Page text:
In the last 100 years, Ulster teams have won the All-Ireland Senior Gaelic Football Championship 17 times, with Down and Cavan winning five each. An Ulster side has yet to win the Senior Hurling Championship, though Antrim were runners up in 1943 and 1989.

During the Cricket World Cup in 2011, the Ireland team stunned England with the fastest hundred in World Cup history. Kevin O’Brien’s total of 113 off 63 deliveries contributed to one of the most spectacular sporting upsets in recent years. So far, only one Ulster rugby player has achieved 100 caps for Ireland: Rory Best. And finally on a sporting theme, the first ever 100-1 winner of the Grand National was from Northern Ireland: in 1928, Bill Dutton rode Tipperary Tim to victory. The famous horse was kept at Fernhill House in Belfast.

A photograph showing a selection of titles from the 100 classification in the Assembly Library; in the Dewey Decimal system, 100 is used to classify philosophy and psychology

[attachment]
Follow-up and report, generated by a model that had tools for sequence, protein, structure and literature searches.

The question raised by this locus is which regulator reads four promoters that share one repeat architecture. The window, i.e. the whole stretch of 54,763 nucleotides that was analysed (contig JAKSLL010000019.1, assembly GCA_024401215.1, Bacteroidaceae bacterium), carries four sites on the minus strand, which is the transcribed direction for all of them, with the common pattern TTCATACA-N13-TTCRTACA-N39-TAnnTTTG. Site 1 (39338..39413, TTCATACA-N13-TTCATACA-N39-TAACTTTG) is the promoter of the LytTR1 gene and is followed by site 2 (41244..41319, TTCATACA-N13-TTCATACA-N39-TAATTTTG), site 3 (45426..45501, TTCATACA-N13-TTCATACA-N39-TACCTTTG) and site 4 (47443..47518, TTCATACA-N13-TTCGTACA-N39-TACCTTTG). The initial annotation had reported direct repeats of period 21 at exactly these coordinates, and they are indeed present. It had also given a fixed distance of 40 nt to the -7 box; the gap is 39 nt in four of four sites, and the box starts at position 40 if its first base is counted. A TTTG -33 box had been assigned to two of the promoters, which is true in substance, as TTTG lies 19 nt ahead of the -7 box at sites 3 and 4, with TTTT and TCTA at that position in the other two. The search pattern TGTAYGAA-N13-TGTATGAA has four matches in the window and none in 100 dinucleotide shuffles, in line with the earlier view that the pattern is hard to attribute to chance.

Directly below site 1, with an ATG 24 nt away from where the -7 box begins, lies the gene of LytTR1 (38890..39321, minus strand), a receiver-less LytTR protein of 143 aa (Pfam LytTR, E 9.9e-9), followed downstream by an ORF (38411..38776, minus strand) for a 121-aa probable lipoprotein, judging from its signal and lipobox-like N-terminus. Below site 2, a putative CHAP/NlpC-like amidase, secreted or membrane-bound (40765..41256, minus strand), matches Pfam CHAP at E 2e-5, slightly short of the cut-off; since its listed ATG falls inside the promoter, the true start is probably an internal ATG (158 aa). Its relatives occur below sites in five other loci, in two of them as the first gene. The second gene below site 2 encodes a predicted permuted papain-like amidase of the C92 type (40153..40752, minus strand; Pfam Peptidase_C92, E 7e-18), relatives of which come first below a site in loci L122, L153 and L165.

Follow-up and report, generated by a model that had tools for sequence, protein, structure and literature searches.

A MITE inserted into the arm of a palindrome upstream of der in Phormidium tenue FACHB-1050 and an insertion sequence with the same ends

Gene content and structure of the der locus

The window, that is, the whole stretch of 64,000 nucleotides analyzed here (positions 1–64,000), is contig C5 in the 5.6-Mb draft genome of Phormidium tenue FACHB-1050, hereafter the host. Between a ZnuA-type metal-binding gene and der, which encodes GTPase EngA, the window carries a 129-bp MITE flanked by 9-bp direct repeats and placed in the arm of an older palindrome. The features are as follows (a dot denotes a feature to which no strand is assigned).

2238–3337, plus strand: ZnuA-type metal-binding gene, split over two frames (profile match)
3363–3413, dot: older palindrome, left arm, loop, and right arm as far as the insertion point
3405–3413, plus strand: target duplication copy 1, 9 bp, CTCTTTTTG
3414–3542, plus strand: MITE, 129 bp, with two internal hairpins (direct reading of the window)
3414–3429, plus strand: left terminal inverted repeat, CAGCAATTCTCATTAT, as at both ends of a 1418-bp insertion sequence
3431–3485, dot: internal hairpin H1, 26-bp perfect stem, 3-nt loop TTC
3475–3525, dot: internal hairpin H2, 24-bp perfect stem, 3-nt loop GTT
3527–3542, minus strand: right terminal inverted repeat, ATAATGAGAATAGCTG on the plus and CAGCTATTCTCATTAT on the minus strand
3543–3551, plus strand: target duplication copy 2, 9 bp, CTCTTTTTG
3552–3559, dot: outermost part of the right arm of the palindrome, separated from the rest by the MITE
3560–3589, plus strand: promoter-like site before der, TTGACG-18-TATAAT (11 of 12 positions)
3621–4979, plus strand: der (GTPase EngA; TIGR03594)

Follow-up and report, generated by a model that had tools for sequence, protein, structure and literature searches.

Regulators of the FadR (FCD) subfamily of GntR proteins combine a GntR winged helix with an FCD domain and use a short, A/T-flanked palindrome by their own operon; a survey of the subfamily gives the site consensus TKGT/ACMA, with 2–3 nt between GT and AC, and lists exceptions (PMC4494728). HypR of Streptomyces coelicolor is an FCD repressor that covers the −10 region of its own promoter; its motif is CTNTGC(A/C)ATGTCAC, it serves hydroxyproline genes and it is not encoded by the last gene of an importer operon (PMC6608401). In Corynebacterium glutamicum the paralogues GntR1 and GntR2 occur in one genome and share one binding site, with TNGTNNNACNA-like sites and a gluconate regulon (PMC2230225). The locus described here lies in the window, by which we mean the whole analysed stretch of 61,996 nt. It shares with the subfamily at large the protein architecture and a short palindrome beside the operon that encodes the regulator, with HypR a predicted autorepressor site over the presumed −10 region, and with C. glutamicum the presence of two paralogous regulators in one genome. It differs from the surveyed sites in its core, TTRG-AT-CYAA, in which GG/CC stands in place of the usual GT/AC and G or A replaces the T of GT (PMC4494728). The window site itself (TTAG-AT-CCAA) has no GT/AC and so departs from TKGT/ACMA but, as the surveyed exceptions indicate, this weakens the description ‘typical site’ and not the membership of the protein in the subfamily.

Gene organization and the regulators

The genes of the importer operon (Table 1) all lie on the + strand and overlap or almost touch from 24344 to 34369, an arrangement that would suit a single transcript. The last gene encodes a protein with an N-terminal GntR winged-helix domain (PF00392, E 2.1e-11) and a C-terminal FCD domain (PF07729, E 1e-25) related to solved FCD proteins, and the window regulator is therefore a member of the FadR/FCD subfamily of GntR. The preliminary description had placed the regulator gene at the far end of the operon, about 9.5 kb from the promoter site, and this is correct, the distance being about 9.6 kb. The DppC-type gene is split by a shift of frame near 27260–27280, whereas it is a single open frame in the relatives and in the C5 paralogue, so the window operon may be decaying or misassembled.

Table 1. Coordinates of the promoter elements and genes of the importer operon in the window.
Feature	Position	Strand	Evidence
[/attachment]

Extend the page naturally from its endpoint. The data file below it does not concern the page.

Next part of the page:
A selection of titles from the 100 classification in the Assembly Library; in the Dewey Decimal system, 100 is used to classify philosophy and psychology

The 100th piece of legislation passed by the Northern Ireland Assembly was the Clean Neighbourhoods and Environment Act (Northern Ireland) 2011. The 100th Assembly research publication was a paper which examined clauses on anti-social behaviour within the Housing Bill 2002. The 100th Deposited Paper received in the Assembly Library was from the North/South Ministerial Council and was a Joint Communiqué on issues relating to Waterways Ireland.